And there is a certain credibility doubt about the weak yen initiative. Asset purchases are supposed to contribute towards a weaker yen, inflationary pressure and a restoration of economic growth. The problem is that because Japanese external assets are over 60% of GDP, a weaker yen boosts income flows from these assets. The April current account surplus in seasonally-adjusted terms rose from ¥342 billion to ¥852 billion, with the income surplus at almost ¥2 trillion, a record. So, even if the policy was initially successful, there would be limits to how far the currency could be weakened.
General public support will be essential, but so too will be support from bond-holders to ensure that a strong back up in yields does not abort any recovery. How the authorities accomplish that while trying to generate inflation will be difficult. They also need to keep control over the budget deficit. While a lowering of corporate taxes may be defensible on grounds it might boost investment, recent hints of potential backsliding over the first planned hike in the consumption tax are less defensible – policymakers must keep a lid on the fiscal deficit or risk losing control of yield levels.
For the Chinese authorities, the challenge has been to introduce changes that will take the economy to its next stage of development, while ensuring healthy growth in the meantime. The immediate problem is that the economy is continuing to show signs of slowing. Monthly growth in investment and industrial production was at its slowest in the last six months, aside from the slowdown associated with Chinese New Year.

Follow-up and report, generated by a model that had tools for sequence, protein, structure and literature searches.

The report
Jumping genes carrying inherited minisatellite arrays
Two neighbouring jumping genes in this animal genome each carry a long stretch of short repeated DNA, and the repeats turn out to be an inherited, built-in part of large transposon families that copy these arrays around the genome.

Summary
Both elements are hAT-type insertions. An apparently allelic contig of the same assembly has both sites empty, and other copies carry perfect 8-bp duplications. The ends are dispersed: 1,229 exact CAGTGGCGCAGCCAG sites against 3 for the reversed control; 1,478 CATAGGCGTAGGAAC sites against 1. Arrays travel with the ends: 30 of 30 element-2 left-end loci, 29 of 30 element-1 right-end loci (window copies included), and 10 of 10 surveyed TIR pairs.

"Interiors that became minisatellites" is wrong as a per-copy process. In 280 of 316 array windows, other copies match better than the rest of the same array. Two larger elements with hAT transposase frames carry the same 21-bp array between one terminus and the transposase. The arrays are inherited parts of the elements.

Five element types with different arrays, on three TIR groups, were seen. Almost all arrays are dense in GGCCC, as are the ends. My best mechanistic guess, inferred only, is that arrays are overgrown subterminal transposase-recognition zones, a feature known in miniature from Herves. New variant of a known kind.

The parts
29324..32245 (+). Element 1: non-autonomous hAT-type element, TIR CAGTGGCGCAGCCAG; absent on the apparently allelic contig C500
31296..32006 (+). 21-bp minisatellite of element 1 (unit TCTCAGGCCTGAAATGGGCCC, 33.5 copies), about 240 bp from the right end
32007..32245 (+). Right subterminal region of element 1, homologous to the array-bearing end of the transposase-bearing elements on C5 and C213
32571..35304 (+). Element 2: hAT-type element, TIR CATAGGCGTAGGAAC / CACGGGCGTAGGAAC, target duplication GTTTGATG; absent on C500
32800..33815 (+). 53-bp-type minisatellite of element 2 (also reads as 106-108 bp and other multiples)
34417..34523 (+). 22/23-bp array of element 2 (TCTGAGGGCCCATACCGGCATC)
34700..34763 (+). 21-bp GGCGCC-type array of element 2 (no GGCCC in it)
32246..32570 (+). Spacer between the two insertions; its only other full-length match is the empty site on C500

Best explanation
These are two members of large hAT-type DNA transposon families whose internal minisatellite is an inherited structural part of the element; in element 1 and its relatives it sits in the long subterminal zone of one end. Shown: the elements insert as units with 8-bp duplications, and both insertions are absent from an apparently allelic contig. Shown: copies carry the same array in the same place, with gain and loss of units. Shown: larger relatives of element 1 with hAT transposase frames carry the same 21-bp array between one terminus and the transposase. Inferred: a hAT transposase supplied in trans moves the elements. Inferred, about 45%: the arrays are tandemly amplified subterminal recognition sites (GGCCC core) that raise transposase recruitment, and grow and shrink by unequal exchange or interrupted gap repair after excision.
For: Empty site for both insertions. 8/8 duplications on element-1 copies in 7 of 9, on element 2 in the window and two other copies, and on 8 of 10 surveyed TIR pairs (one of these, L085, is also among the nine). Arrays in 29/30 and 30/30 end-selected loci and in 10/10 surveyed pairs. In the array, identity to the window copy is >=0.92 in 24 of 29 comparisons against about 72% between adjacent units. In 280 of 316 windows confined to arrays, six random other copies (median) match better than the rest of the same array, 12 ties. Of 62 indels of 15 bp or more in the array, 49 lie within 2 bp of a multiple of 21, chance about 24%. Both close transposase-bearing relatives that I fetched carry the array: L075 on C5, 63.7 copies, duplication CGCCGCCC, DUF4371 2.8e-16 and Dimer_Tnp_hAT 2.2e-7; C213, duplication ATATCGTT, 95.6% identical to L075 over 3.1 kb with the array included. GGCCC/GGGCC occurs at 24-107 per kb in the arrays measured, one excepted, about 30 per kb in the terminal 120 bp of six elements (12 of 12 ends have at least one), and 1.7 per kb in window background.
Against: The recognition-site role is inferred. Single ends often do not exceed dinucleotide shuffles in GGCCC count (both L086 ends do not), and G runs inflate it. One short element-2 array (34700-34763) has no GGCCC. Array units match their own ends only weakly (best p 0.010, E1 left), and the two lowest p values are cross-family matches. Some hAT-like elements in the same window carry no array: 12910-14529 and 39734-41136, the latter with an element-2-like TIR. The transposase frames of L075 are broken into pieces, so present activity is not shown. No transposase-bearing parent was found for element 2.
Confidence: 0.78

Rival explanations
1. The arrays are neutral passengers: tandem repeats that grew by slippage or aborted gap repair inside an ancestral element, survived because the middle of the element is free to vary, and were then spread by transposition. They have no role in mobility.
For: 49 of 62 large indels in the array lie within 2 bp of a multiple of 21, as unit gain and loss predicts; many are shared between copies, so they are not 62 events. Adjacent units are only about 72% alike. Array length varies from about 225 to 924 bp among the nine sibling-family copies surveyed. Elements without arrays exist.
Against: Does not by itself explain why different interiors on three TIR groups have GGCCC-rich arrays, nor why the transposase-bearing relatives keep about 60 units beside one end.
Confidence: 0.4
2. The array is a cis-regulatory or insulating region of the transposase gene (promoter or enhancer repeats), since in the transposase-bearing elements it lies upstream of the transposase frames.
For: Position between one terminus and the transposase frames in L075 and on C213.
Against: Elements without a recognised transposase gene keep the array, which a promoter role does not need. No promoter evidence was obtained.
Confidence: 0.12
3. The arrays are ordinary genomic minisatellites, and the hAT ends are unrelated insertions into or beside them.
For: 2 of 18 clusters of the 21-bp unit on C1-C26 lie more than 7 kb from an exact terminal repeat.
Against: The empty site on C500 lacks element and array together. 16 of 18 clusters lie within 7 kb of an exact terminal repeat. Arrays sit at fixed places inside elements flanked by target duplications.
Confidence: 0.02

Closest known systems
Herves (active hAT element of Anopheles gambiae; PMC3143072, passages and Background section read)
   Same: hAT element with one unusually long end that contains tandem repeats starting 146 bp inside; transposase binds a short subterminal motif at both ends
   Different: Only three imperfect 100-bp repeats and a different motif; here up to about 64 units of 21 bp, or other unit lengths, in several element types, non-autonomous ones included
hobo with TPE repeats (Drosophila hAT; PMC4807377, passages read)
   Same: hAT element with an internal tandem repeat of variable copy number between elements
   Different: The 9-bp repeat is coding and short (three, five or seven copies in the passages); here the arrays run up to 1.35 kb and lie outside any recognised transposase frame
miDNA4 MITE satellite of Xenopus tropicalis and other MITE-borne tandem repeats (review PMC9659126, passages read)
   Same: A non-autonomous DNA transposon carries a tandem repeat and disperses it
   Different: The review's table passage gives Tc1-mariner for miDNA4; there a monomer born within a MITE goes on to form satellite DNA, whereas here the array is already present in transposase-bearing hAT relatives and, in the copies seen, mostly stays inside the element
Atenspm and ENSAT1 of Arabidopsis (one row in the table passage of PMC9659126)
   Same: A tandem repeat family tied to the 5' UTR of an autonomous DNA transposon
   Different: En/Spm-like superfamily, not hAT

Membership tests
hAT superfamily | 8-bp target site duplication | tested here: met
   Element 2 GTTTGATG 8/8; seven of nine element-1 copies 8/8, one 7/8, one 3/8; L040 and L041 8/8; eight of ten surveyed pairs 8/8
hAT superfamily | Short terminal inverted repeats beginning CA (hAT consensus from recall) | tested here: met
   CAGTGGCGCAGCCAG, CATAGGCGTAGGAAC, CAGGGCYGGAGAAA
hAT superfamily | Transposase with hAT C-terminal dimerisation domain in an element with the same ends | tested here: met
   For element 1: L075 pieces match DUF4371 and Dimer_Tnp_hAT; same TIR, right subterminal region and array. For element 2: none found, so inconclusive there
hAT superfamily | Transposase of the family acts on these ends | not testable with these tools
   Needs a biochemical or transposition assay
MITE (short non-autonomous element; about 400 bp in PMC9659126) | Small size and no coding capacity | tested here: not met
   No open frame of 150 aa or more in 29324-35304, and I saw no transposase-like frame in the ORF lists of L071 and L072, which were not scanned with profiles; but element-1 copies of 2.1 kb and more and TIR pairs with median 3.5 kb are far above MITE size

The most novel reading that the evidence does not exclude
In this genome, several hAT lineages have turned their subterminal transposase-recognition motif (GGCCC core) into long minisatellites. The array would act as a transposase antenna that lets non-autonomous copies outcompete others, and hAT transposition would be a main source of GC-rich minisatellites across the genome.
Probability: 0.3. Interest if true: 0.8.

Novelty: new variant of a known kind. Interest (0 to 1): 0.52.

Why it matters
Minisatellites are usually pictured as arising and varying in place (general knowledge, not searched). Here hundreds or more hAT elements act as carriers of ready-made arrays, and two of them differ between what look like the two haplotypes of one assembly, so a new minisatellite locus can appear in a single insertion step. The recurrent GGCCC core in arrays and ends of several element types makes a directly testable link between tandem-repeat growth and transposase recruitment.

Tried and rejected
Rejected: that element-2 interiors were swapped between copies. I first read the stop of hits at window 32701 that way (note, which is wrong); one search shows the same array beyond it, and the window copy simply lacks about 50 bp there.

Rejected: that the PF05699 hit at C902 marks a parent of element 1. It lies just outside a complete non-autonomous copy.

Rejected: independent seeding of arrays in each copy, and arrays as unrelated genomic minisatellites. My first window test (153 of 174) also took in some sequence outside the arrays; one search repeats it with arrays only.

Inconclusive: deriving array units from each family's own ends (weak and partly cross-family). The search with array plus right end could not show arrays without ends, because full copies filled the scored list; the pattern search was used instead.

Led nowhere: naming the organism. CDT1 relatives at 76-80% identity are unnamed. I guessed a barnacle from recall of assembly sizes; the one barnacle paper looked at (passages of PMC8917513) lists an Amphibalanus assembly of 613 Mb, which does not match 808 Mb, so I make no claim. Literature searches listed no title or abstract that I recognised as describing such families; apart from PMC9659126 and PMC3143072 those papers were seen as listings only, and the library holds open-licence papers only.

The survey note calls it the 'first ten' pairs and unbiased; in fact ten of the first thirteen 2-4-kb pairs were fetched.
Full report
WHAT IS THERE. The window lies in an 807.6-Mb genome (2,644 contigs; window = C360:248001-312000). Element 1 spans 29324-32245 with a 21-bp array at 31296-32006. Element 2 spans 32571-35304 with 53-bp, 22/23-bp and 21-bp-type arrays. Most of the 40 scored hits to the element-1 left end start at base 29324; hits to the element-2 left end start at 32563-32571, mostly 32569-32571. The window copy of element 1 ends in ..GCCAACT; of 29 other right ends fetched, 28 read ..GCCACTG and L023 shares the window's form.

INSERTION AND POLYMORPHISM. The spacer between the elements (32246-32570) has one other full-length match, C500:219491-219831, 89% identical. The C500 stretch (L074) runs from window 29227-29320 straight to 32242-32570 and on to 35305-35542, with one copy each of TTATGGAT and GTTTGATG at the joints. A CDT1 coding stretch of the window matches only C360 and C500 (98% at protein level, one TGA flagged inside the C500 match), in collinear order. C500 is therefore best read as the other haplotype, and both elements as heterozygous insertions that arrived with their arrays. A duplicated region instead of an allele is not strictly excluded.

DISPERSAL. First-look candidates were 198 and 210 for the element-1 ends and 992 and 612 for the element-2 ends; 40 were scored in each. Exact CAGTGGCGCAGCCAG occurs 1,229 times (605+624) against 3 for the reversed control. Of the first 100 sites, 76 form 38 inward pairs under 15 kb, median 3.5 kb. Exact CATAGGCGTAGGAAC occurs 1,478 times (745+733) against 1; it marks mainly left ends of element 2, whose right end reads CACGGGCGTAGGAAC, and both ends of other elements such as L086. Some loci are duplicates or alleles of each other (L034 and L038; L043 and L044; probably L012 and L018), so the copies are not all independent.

The general feeling, though, is that the authorities will be reasonably relaxed provided growth does not slide below 7% and the labour market remains relatively healthy. Certainly, industrial output growth at an annualised rate of around 7.5% is still in a comfort zone and the labour market shows none of the weakness it did back in 2008. Electricity output growth, though, was down to around 4% in the year to May, from over 6% in April.
The authorities will be anxious that the growth momentum stabilises soon, as they are facing a dilemma in what to do about surging credit growth. Although it abated somewhat in May, there is still a fear of a re-run of 2008, when rapid credit expansion led to rising levels of bad debt and financial failure. Clamping down harder on credit growth, though, risks slowing the economy even more. They will hope that recent improvements in global growth prospects translate into a pick-up in trade growth.